What do children understand about war? More than you may think. Experts in child psychology say that American children who absorbed news of the attacks of September 11 are likely to have more a greater fixation on war than their peers of previous generations.
"It's not as foreign a concept as it might have been in years past," says Mary Polce-Lynch, assistant professor of psychology at Randolph-Macon College in Ashland, Virginia. "Because of the terrorist attacks, war is not going to be as abstract to most of our children. We have experienced a massive killing recently and many of them know what that means."
This makes it all the more important that parents and caregivers prepare for how children will react to war and its many effects. How you behave and how you address your children on the topic of war should vary, based on the age and temperament of your child or children. Infants and toddlers obviously require different approaches than school-aged kids and teens. But in all cases, it pays to be aware of developmental differences. Here's advice on what to say and when to say it.
Even though your baby can't discuss war doesn't mean she's completely immune from the emotional fallout. "Infants get their feelings from the way their parents treat them. If they hear worried tones or arguing, that has an effect," says Dr. Alice Sterling Honig, professor emeritus of child development at Syracuse University. Body language is especially telling at this stage, she explains. "This is a primary way an infant knows if mommy or daddy is worried -- and they will react to that."
Because infants are sensitive to touch, you may want to monitor your behavior. Are you watching the news while feeding baby? Holding or playing with her while you discuss current events with another adult in the home? Keep in mind that during these times, while you might not be addressing your baby directly, she's aware of your reactions to the conversation. Try to ensure that bonding activities like feeding and playing aren't clouded by your own anxiety or concerns about war.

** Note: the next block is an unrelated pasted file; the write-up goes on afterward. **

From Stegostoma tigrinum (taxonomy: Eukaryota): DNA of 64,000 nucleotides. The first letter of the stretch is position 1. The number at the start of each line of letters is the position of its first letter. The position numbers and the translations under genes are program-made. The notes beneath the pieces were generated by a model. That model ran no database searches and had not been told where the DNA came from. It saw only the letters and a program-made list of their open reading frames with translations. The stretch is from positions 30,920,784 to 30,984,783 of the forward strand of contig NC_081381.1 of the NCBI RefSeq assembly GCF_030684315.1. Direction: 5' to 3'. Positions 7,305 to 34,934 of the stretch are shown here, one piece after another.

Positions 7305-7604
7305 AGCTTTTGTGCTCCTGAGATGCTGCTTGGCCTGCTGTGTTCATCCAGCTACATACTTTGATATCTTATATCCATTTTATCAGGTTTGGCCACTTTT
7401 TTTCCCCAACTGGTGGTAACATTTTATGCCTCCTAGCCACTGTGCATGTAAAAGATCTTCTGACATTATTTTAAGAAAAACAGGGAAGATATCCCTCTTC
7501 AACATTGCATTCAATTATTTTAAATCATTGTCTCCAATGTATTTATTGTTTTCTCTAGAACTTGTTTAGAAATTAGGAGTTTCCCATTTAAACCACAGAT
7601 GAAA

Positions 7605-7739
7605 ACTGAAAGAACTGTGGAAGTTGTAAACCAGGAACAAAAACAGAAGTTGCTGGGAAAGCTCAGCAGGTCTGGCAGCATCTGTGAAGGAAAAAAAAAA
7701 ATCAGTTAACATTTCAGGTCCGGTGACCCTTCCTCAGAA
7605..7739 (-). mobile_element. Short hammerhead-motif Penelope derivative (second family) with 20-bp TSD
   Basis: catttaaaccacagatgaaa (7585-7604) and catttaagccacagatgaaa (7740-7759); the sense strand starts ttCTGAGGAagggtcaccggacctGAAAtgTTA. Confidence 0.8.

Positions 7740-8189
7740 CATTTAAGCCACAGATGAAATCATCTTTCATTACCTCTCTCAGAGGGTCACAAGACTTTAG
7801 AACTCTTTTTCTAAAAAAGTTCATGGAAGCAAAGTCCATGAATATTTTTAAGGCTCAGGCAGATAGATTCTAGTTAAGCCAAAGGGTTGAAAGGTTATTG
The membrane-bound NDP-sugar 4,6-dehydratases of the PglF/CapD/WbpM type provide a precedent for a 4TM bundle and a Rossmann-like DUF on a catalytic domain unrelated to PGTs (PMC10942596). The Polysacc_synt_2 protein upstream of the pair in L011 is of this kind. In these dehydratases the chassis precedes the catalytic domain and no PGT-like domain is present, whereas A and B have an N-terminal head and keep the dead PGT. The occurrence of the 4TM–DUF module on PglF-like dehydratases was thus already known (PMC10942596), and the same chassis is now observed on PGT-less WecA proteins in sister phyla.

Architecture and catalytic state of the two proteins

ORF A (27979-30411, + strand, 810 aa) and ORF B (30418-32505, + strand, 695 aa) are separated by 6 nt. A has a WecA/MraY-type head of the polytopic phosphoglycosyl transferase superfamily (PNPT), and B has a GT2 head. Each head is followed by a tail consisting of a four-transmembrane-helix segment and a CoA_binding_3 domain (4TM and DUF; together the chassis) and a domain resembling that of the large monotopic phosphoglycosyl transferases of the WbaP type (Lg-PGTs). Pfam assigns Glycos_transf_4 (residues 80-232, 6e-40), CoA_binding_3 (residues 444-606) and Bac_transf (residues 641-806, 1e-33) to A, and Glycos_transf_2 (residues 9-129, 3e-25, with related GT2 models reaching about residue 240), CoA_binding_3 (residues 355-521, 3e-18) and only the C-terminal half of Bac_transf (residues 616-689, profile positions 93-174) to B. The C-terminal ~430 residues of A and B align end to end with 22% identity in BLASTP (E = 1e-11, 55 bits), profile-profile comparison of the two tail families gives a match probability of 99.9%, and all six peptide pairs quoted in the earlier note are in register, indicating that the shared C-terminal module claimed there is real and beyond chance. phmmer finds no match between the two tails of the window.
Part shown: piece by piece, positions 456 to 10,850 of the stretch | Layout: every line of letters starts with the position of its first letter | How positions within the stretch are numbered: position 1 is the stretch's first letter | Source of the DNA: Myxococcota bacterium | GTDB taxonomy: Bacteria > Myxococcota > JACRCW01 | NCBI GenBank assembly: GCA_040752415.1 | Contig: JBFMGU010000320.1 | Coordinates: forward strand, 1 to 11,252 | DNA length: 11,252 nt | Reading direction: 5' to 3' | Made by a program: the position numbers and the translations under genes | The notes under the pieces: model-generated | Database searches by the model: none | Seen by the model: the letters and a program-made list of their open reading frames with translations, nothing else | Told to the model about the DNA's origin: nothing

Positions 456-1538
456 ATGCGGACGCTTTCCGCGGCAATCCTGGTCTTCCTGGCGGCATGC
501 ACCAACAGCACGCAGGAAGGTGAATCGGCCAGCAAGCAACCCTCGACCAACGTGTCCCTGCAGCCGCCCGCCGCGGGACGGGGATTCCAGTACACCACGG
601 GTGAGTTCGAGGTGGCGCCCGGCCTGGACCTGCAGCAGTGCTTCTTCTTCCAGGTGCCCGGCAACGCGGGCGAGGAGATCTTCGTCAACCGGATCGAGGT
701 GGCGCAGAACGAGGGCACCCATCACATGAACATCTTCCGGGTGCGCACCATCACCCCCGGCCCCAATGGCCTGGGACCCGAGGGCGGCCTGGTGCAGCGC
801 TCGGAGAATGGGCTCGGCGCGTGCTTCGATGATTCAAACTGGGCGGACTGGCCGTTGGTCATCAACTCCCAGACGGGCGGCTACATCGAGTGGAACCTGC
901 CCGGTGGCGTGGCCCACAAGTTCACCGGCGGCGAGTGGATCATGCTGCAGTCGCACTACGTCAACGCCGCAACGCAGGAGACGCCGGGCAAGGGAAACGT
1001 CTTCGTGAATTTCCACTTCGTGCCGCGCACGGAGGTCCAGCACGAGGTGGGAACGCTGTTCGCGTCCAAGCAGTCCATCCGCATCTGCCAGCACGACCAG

In addition, be aware of the amount of time you spend watching TV with your baby in the room. While infants certainly can't understand the content of a newscast, the sights and sounds will still have an effect. "We know from research that even infants will orient to the picture on the TV and that it can have an emotional impact even if the child can't make sense of it," says Honig.
At this age, your child may be developing the verbal skills to converse, but that doesn't mean you should talk a lot about war with your child. In fact, some experts recommend you discuss the topic of war sparingly, if at all.
"Children have a huge right not to know something at an age when they can do little about it," says Dr. Polce-Lynch. "In many cases it is inappropriate for a young child to know about people being bombed or killed. Often all that the discussion will do is make children feel unsafe."
If your young child raises the topic of war with you, make an effort to respond succinctly and specifically to the question, rather than launch into a lengthy discussion of war. Often parents will give more information than a child wants or needs, says Dr. Polce-Lynch. "If your child looks at the television and says 'What's that?' your response might be something like: 'That's a news story about a war in another country.' You are not required to offer up more detail than the child has asked for."
In fact, remember that a lot of detail may overwhelm a child. It's akin to the "Where do babies come from?" question. Parents may feel compelled to offer the long version of the sex education conversation when all that was required was a short, one-sentence response.
Other tips for parents and caregivers: